The book tells:

  • Are you at risk of a fracture because of low bone density?
    If so, what can you do to reduce your risk as much as possible?
  • You’ll learn about healthy bone development … the process of bone turnover … the factors that increase your chances of developing osteoporosis … the most effective non-drug measures to prevent or reduce bone loss … and much more.

It explains:

* The process of bone remodeling as old bone is broken down and new bone is formed.
* Risk factors for loss of bone density.
* The role of family history in determining susceptibility to osteoporosis.
* Key medical causes of bone loss.
* How proton pump inhibitors like Prilosec may contribute to fracture risk.

And answers important questions about assessing your bone health:

* What’s the best technique for measuring bone density?
* How does dual-energy x-ray absorptiometry (DXA) work?
* Why is DXA so valuable in diagnosing osteoporosis?
* What’s the relationship between menopause and bone loss?
* Should men undergo BMD testing?
* How are BMD scores quantified?
* Why is it important to have your bone scans done at the same place and one the same machine?
* What’s the relationship between a person’s T-score and risk of fractures?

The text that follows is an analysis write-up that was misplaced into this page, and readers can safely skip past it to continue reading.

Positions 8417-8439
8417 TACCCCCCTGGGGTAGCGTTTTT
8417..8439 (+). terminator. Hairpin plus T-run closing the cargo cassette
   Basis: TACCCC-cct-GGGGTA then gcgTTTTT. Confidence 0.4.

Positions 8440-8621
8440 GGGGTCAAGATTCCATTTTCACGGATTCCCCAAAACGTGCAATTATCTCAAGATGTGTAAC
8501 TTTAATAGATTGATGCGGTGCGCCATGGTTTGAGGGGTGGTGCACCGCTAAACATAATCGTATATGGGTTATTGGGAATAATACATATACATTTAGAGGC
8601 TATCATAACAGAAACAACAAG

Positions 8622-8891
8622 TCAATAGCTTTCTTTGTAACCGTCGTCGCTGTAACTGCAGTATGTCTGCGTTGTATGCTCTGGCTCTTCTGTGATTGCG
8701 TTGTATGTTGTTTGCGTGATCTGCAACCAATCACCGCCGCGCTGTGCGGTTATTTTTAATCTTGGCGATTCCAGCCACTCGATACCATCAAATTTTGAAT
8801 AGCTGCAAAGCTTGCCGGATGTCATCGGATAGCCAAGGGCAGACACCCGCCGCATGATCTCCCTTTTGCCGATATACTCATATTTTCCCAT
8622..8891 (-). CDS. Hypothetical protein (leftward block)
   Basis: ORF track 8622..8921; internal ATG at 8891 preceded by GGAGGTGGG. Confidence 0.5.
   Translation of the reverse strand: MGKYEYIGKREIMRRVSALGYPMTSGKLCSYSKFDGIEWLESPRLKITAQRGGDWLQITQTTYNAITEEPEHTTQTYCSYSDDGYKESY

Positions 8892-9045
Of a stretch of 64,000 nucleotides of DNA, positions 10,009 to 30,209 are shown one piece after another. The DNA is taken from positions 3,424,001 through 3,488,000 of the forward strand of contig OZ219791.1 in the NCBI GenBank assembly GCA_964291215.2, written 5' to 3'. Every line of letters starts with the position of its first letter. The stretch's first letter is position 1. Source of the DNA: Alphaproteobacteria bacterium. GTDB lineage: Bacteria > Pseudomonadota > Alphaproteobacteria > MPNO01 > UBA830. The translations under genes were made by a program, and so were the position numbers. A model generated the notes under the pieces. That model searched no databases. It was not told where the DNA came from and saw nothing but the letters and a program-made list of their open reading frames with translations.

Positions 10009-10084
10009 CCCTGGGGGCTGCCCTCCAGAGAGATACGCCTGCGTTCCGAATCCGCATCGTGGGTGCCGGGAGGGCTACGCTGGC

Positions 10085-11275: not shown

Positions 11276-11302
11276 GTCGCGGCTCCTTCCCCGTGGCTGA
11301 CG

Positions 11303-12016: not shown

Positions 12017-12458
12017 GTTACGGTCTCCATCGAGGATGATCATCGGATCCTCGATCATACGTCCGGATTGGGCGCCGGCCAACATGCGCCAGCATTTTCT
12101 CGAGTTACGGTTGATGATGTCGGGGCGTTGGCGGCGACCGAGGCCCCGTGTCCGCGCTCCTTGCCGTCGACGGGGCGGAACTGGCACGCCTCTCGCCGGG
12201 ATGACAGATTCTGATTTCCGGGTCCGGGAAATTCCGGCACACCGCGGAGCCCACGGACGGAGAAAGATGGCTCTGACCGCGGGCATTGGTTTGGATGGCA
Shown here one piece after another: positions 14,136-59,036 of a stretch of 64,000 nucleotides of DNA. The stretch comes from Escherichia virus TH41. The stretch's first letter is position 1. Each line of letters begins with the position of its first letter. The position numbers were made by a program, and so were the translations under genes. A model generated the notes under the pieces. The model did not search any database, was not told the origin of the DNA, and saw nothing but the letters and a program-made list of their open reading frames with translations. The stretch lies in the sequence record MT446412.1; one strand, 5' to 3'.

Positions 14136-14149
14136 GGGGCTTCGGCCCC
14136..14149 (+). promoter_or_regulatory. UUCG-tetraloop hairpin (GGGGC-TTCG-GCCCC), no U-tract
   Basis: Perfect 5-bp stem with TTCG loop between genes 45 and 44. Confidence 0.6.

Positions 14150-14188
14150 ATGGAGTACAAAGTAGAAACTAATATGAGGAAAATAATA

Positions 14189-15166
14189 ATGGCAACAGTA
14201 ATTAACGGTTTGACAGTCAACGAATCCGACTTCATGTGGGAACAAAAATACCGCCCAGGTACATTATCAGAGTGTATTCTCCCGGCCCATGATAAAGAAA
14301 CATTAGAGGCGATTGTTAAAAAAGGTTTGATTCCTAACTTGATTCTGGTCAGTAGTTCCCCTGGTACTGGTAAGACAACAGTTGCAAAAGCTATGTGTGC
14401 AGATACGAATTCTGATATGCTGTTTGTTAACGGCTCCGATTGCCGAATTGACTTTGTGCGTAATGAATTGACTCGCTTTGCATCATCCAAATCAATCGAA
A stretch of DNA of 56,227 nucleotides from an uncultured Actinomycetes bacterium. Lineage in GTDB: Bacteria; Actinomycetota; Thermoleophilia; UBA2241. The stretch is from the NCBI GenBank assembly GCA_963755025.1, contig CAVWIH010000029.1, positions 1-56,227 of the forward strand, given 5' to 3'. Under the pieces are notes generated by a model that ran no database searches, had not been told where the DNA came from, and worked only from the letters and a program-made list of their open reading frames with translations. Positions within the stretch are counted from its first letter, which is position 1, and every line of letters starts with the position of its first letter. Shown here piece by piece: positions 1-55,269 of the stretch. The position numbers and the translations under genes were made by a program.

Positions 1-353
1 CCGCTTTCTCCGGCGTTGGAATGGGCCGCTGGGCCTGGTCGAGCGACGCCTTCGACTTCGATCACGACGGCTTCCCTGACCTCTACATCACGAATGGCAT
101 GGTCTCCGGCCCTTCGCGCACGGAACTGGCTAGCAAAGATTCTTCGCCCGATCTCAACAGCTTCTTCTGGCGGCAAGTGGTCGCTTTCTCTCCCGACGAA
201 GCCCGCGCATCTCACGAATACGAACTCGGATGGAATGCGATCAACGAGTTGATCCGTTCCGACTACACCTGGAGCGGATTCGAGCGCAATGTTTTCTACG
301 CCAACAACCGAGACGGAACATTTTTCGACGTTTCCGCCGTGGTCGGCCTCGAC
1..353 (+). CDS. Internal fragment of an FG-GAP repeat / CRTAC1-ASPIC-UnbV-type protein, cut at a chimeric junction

* What is the new web-based tool known as FRAX—and how is it helpful?

Bone Loss Is NOT an Inevitable Part of the Aging Process

In What You Should Know About Osteopenia, Dr. Sellmeyer explains why osteopenia is not a disease — why it’s important to focus on fracture risk — and how to build bone strength with exercise, including weight-bearing aerobic exercise, resistance training, and balance exercises. And she provides nutritional strategies for maintaining strong bones, including the very latest recommendations for your daily intake of calcium and vitamin D — the two most essential nutrients for bone health.

Any decision about whether to take prescription medication for bone loss is an individual decision you should make with your doctor. But you’ll learn about the medications available for osteoporosis, including a new drug, denosumab (Prolia), that has been shown to reduce spine and hip fractures in postmenopausal women with a high risk for fracture. And Dr. Sellmeyer explains the latest thinking on hormone therapy, or HT, for preventing bone loss.

Johns Hopkins was recently ranked #1 of America’s Best Hospitals by U.S. News & World Report.  Since its founding in 1889, The Johns Hopkins Hospital has led the way transferring the discoveries made in the laboratory to the administration of effective patient care.

Purchase price $24.95.

http://webapps.jhu.edu/jhuniverse/research/

More info:  http://www.johnshopkinshealthalerts.com/alerts/osteoporosis/osteopenia-explained_5750-1.html

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Being Internet-savvy helps when dealing with cancer

Doctors admit that those who understand and research their cancer treatment, often recover better and more quickly.